Here’s another from Some Missing Persons with lovely words by my chum Gordon. Wordsmith’s site
He would know a lot about this subject as he was an enthusiast for frequenting such places, “all strictly for research though old chap”. This drawing is rare for me these days as it’s in colour. The original is in colour too, so it has all been hand crafted as they say, a bit like artisan bread. £3-50 for a loaf of bread?
In this case the colour is added using the old fashioned magic marker and then enhanced with chalks for the geeky illustrator types amongst you. All this made rather redundant by photoshop these days, but adding to the argument that there is really no such thing as an original any more. There’s no such things an original, is there?
It also makes a change for me to draw places rather than just people, must do more! I suspect that Gordon used the Princess Louise Pub in High Holborn, London as his model for his words, and it still exists, as I noticed the other week when in the area. Whether the interior is changed or not I cannot say as I did not venture in. Please note in the detail, a small fly trapped in the perspex pork pie cover. I did once witness this and upon complaining to the landlord was told that this was where it lived. Also note that this was written before smoking was banned from such places, so if it does still exist as it was, it will no longer have the same atmosphere as being in Bejing on a foggy day.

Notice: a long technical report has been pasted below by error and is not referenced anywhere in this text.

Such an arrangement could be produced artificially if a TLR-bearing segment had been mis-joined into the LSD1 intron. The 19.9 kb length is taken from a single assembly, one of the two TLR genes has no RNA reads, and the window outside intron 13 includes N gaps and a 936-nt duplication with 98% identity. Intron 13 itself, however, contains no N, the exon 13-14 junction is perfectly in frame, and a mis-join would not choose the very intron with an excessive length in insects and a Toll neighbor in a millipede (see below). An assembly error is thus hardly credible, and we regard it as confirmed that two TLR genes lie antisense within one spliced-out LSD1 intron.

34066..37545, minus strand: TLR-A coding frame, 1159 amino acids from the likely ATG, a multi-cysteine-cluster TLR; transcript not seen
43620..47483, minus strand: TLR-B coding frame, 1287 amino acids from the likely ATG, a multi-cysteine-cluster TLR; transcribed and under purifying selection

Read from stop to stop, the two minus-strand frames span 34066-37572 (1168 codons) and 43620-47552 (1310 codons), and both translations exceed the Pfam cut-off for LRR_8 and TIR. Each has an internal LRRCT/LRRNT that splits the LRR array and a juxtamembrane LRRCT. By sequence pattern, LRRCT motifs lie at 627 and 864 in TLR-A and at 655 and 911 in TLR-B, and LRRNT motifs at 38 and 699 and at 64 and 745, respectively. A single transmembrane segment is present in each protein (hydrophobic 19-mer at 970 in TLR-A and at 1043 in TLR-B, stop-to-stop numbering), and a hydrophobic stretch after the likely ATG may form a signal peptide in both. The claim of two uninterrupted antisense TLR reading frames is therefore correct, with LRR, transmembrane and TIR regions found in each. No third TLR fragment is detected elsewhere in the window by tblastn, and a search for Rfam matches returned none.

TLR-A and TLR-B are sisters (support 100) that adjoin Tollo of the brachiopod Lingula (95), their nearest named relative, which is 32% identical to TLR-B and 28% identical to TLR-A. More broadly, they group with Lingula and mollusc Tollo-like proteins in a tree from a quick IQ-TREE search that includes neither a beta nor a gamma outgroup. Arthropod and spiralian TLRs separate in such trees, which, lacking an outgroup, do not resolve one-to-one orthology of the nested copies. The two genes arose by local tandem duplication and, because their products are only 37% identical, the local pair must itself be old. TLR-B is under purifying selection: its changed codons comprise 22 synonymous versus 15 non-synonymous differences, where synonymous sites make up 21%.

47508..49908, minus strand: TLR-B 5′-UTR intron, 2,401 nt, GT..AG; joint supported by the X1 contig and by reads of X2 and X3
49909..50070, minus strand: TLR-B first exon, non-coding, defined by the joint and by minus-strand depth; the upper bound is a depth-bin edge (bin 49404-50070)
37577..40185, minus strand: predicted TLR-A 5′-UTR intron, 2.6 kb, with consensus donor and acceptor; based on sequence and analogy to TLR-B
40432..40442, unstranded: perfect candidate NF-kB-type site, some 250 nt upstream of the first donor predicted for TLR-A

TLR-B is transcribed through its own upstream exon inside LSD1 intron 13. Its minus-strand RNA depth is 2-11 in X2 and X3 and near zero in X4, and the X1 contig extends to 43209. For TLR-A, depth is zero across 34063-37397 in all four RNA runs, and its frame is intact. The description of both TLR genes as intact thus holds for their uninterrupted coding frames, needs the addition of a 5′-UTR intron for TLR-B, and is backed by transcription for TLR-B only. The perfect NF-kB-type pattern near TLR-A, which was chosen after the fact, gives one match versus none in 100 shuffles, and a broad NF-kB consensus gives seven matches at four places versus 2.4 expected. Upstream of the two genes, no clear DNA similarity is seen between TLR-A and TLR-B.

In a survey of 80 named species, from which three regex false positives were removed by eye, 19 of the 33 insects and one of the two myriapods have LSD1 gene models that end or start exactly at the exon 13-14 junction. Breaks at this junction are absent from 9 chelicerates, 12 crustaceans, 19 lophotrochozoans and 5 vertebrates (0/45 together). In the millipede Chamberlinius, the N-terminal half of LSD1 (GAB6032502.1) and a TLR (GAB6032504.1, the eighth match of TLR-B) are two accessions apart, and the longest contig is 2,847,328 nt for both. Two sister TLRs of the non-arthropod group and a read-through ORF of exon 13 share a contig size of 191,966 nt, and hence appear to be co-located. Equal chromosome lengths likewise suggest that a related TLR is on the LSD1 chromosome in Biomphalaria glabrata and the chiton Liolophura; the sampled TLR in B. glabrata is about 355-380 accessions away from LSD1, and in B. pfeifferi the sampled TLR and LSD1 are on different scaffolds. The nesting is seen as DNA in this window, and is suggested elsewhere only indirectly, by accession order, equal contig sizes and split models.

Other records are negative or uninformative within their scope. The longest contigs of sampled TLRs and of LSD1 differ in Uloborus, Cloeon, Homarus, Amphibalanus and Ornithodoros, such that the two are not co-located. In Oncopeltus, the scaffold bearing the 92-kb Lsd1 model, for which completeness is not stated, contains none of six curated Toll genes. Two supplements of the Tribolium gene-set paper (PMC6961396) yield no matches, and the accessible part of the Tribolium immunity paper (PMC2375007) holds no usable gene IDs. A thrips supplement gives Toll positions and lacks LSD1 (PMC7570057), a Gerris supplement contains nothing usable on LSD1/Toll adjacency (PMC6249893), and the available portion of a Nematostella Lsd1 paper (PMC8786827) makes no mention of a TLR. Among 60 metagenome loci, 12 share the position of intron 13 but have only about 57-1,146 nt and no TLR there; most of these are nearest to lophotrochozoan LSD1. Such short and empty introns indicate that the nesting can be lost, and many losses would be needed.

This city-centre pub is very popular with exiles from the old Iron Curtain countries, since it reminds them so much of the railway-station waiting rooms back home. Connoisseurs of 1950s minimalism will also enjoy the five well-seasoned South American banknotes pinned to the stone-effect wallpaper above the bar.
Other establishments near-by offer a full menu plus blackboard specials,and live music in the evenings. The King’s Breeches provides for a niche market to one side of the business-lunch crowd, with a small selection of superheated pies out of a Perspex cabinet. The free paper serviette assists easy eating rather than forcing on customers the embarrassing refinements of cutlery and plate. After dark, a juke box can be switched on by special request and any record played, provided it is Crystal Chandeliers.
Lecturers from the art college, attracted by the working-class atmosphere, drink no more than two units while chattering incessantly and waving their hands about. Journalists and flat-capped regulars prefer to ensure inner cleanliness with sequential pints of the memorable local bitter, reading their sporting papers in silence while flicking ash into dampening lagoons on the mahogany tops of original Victorian tables.
The tenant landlord, a dark taciturn man who is never rude to anyone but never friendly either, is greatly distressing the brewery by not dying. The predictions of the Chief Actuary of the Publicans, Sinners and General Insurance Co indicate that pub landlords’ shortlivedness is second only to those who combine lion taming with drug dealing and cave diving, but our man is past 70 and showing no signs. When he does die, the brewery will rip the pub asunder, rename it The Tup and Tart, install satellite TV, a juke box, and a manager who will have to call the police on Fridays and Saturdays.